However, results from the switching replication design are most interpretable when the intervention effect is assumed to be a causally transcient process—that is, once the intervention is removed, there should be no residual impact on participants’ health (R1). The assumption may be checked by extending the length of time between the first and second intervals, and by taking measures of health immediately before the intervention is introduced to the second group. The design also requires that the same outcome measure is used for assessing impacts and for comparing results across study intervals (R1), that there are no history or maturation effects that violate CRF assumptions (R2), and no compositional differences in groups across the two study intervals (R2).
Combining Replication Designs for Multiple Causal Systematic Replications
On its own, a well-implemented research design for replication is often limited to testing a single source of effect heterogeneity. However, it is often desirable for the researcher to investigate and identify multiple sources of effect variation. To achieve this goal, a series of planned systematic replications may be combined in a single study effort. Each replication may be a different research design (as described above) to test a specific source of effect variation or to address a different validity threat. The researcher then examines the pattern of results over multiple replication designs to evaluate the replicability and robustness of effects.
As an example, Cohen et al. (2020) developed a coaching protocol to improve teacher candidates’ pedagogical practice in simulation settings. The simulation provides opportunities for teacher candidates to practice discrete pedagogical tasks such as “setting classroom norms” or “offering students feedback on text-based discussions.” To improve teacher candidates’ learning in the simulation setting, the research team developed a coaching protocol in which a master educator observes a candidate practice in the simulation session and then provides feedback on the candidate’s performance based on a standardized coaching protocol. The teacher candidate then practices the pedagogical task again in the simulation setting. To assess the overall efficacy of the coaching protocol (the treatment condition), the research team randomly assigned teacher candidates to participate in a standardized coaching session or a “self-reflect” control condition, and compared candidates’ pedagogical performance in the simulation session afterwards. Outcomes of candidates’ pedagogical practice were assessed based on standardized observational rubrics of candidates’ quality instructional practices in the simulation setting (Cohen et al., 2020).
To examine the robustness of effects across systematically controlled sources of variation, the research team began by hypothesizing three important sources of effect variation that included differences (a) in the timing of when the study was conducted, (b) in pedagogical tasks practiced in the simulator, and (c) in target populations and study setting. To test these sources of variation, the research team implemented three replication designs that included a multiple-cohort design, a switching replication design, and a conceptual replication that varied the target population and setting under which the coaching intervention was introduced.Footnote 2 These set of replication designs were constructed from four individual RCTs that were conducted from Spring 2018 to Spring 2020. RCTs took place within the same teacher training program but were conducted over two cohorts of teacher candidates (2017–2018, 2018–2019) and an undergraduate sample of participants (Fall 2019).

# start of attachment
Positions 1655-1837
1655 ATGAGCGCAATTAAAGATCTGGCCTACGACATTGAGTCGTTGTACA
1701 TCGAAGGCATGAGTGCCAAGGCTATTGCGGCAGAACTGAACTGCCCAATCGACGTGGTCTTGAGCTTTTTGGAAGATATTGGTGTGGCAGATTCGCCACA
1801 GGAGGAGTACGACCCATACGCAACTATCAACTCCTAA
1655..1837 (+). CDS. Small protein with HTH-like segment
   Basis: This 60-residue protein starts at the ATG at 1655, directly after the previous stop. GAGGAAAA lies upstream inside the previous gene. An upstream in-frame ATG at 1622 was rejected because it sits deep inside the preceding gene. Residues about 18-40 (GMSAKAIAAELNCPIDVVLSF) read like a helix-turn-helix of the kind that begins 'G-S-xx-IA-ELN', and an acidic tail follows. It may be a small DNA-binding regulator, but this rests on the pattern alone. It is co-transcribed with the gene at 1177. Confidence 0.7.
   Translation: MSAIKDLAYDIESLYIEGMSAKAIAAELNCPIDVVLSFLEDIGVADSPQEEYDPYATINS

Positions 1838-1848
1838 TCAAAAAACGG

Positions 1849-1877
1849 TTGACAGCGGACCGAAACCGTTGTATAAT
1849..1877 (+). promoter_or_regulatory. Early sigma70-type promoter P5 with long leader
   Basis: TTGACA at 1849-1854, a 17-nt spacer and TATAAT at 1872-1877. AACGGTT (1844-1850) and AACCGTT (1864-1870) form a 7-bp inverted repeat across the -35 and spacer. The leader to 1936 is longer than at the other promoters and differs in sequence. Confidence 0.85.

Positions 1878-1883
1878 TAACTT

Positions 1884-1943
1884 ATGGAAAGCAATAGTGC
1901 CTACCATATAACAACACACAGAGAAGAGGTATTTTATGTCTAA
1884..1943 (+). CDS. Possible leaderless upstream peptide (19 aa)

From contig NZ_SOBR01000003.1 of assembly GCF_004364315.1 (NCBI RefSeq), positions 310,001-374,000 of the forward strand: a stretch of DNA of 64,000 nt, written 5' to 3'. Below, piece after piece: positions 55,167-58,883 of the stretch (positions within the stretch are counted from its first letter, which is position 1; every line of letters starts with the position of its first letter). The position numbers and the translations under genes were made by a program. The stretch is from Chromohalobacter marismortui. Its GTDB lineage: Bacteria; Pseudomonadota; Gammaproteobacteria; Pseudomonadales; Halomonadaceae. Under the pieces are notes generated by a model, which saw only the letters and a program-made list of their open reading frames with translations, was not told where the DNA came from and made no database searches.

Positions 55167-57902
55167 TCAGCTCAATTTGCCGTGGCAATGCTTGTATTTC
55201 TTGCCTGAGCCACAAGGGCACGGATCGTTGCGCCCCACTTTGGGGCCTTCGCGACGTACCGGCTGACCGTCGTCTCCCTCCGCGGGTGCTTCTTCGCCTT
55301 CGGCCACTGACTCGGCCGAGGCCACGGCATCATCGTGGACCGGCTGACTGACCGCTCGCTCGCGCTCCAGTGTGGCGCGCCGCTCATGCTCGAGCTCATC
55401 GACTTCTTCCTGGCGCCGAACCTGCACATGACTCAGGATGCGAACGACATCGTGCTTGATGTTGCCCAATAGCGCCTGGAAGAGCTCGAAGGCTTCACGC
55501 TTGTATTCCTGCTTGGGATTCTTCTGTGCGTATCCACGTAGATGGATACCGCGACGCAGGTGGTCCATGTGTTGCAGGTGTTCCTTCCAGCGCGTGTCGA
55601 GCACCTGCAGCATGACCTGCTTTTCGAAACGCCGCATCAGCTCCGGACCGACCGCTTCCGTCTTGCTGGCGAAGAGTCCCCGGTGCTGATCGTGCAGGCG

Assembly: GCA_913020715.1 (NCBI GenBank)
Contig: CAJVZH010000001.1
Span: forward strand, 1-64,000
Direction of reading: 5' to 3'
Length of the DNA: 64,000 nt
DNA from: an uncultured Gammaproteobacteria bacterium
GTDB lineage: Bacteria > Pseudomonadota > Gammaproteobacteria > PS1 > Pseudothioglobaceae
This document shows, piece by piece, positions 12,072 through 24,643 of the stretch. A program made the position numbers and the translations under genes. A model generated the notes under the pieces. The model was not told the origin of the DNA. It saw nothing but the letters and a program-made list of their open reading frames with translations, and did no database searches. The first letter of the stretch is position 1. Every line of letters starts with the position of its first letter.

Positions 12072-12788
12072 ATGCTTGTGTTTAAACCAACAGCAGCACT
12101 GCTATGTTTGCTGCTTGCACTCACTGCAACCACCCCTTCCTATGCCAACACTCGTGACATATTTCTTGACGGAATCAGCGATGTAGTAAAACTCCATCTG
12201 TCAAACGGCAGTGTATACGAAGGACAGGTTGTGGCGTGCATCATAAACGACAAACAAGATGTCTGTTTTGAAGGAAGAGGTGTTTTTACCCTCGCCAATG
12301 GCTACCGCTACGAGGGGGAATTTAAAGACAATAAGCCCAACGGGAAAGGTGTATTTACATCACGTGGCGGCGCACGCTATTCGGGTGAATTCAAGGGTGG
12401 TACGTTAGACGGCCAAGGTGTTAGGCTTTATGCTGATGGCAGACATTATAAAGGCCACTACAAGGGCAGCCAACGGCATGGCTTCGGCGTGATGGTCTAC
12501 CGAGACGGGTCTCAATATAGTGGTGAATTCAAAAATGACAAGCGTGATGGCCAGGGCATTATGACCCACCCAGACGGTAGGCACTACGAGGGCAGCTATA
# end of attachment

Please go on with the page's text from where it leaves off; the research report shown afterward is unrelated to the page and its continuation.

Table 2 provides an overview of the schedule of the four RCTs. Here, each individual RCT is indexed by Sij, where i denotes the sample (teacher candidate cohorts 1 or 2, or undergraduate sample 3) and j denotes the pedagogical task for which the coaching or self-reflection protocol was delivered (1 if the pedagogical task involved a text-based discussion; and 2 if the pedagogical task involved a conversation about setting classroom norms). Table 3 demonstrates how each replication design was constructed using the four individual studies. Here, the research team designated S22 as the benchmark study for comparing results from the three other RCTs. For example, to assess the replicability of coaching effects over time, the research team looked at whether coaching effects were similar across two cohorts of teacher candidates (S22 versus S12). To examine the replicability of effects across different pedagogical tasks, the research team implemented a modified switching replication design (S22 versus S21). Here, candidates were randomly assigned in Fall 2018 to receive the coaching or the self-reflection protocol in the “text-based discussion” simulation scenario; their intervention conditions were switched in Spring 2019 while they practiced the “text-based discussion” simulation scenario). Coaching effects for the fall and spring intervals were compared to assess the replicability of effects across the two different pedagogical tasks. Finally, to examine replicability of effects over a different target population and setting, the research team compared the impact of coaching in the benchmark study to RCT results from a sample of participants who had interest in entering the teaching profession but had yet to enroll in a teacher preparation program (S22 versus S32). The sample included undergraduate students in the same institution enrolled in a “teaching as a profession” class but had not received any formal methods training in pedagogical instruction. Participants were invited to engage in pedagogical tasks for “setting classroom norms” and were randomly assigned to receive coaching from a master educator, or to engage in the self-reflection protocol. Table 4 summarizes the sources of planned variation under investigation for each replication design. Anticipated sources of variation are indicated by ❌; assumptions that are expected to be held constant across studies are indicated by ✓.
Combined, the causal systematic replication approach allowed the research team to formulate a theory about the replicability of coaching effects in the context of the simulation setting. The research team found large, positive, and statistically significant impacts of coaching on participants’ pedagogical practice in the simulation setting. Moreover, coaching effects were robust across multiple cohorts of teacher candidates and for different pedagogical tasks. The magnitude of effects, however, were smaller for participants who were exploring teaching as a profession but had yet to enroll in the training program. These results suggest that differences in participant characteristics and background experiences in teaching resulted in participants benefiting less from coaching in the simulation setting (Krishnamachari, 2021).